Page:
It wasn't exactly the career path she set out to pursue, but Beth Pfeifer said she wouldn't change a thing.

A recent graduate of Fort Hays State University with a degree in interior design, Pfeifer in October became new director of Hays-based Arc of Central Plains. The nonprofit organization advocates for people with intellectual and developmental disabilities.

"It's definitely not something I pictured myself doing," said Pfeifer, a native of Kinsley.

Then a big smile appeared on her face as she began explaining why she loves her job so much.

"When you work with these individuals ... they love everything that you do and anyone that's willing to help them," she said. "And just seeing the look on their faces, how much they appreciate it -- it's an awesome feeling."

Each local chapter of the national organization looks a bit different, but in Hays, The Arc relies on funding from its thrift store at 116 E. 11th to support local Special Olympics athletes.

There were 35 local athletes in the fall, and the organization has approximately 55 volunteers who coach and help oversee Special Olympics events. Basketball, cheerleading, track, volleyball, bowling and tennis are the sports locally available.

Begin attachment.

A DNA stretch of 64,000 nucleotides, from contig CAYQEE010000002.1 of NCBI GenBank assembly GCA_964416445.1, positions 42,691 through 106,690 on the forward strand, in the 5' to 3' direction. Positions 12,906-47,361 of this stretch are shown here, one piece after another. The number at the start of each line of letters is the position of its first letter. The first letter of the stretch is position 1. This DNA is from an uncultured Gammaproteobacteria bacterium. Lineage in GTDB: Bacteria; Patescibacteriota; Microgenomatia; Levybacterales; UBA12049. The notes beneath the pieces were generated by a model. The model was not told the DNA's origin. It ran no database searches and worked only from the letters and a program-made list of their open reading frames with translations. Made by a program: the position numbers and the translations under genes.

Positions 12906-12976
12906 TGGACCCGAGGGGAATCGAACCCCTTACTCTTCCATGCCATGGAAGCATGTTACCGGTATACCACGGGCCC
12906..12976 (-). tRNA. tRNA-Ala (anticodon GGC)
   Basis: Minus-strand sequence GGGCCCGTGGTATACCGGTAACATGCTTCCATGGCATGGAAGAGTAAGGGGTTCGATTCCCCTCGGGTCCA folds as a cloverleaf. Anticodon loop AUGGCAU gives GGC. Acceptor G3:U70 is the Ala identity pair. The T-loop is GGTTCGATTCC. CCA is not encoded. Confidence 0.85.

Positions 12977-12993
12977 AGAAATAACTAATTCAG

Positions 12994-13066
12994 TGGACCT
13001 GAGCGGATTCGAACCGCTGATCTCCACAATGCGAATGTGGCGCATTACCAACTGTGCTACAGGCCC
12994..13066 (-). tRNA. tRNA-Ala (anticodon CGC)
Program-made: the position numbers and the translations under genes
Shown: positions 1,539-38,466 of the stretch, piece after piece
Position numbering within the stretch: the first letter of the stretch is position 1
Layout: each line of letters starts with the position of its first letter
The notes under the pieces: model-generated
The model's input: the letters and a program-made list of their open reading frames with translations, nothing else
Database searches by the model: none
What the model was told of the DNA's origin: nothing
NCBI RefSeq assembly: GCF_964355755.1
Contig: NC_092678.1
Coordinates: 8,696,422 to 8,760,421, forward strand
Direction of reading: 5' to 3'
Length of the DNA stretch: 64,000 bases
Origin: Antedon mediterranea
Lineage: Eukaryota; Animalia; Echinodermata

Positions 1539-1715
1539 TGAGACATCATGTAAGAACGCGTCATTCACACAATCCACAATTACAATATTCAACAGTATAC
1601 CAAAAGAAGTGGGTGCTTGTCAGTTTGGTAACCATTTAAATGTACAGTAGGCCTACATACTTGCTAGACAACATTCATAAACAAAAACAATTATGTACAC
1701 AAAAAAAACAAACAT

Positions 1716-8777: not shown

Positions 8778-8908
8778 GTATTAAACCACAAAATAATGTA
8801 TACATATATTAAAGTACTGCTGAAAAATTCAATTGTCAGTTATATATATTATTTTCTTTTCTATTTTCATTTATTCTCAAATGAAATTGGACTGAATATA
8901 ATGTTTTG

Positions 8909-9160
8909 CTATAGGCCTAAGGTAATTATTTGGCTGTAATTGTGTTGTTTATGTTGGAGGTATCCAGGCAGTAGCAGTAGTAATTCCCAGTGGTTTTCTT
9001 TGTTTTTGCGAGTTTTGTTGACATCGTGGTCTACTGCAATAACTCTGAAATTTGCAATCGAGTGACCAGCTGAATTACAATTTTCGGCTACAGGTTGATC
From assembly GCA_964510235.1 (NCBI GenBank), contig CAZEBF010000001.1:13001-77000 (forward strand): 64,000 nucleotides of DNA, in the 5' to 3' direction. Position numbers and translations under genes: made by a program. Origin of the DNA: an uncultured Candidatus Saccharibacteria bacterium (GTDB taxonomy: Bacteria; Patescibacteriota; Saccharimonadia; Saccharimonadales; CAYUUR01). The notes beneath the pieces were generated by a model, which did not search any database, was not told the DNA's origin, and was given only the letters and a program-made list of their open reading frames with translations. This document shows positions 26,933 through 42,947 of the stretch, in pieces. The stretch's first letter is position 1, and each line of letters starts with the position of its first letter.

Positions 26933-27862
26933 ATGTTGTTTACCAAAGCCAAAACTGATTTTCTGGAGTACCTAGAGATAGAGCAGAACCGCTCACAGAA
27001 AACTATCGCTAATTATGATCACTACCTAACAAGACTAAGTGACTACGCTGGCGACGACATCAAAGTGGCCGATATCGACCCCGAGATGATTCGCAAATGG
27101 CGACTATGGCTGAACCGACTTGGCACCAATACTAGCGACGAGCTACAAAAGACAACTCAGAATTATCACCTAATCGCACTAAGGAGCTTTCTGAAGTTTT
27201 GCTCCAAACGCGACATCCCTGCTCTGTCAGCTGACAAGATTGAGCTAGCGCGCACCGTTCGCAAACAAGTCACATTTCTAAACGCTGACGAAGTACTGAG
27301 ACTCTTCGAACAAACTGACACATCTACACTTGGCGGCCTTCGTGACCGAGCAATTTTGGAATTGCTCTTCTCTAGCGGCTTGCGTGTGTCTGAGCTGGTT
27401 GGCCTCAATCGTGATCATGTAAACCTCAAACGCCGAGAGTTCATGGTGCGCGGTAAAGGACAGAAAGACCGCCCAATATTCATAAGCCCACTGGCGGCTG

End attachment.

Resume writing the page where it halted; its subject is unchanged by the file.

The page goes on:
Only a few months on the job, Pfeifer already is looking to expand that list. She's hoping flag football and softball soon will be added, and she also is trying to arrange a soccer clinic with Fort Hays State University.

"I've had so many athletes say, 'Let's do this. Let's do this,' " she said. "I'm like, 'Oh, let's try three to start with.' "

Pfeifer, who began work at the Arc last summer doing community outreach and eBay sales, also has coached bowling and volleyball for Special Olympics.

The world of competitive sports isn't new to her. Pfeifer grew up in 4-H and competed in shooting sports. She later worked with 4-H to help organize shooting events through the state.

"It allows them to grow so much personally, and just to see the friendships they've formed over the years with the different athletes," Pfeifer said of Special Olympics. "It's just amazing to see, because I grew up going through shooting sports. ... To be able to see these individuals be able to do the same thing and build those friendships like I did is just amazing."

The Arc also offers recreational activities such as arts, crafts and dancing, and Pfeifer is hoping to begin a series of technology classes in the near future.

At the heart of her mission, she said, is helping to raise awareness in the community regarding IDD issues. She already has made several friends in her new job, she said.

"So often they're treated ... like you would a little kid, and they're not actually talked to. They're talked down to," she said. "I think that's what has helped me along is that I actually talk to them."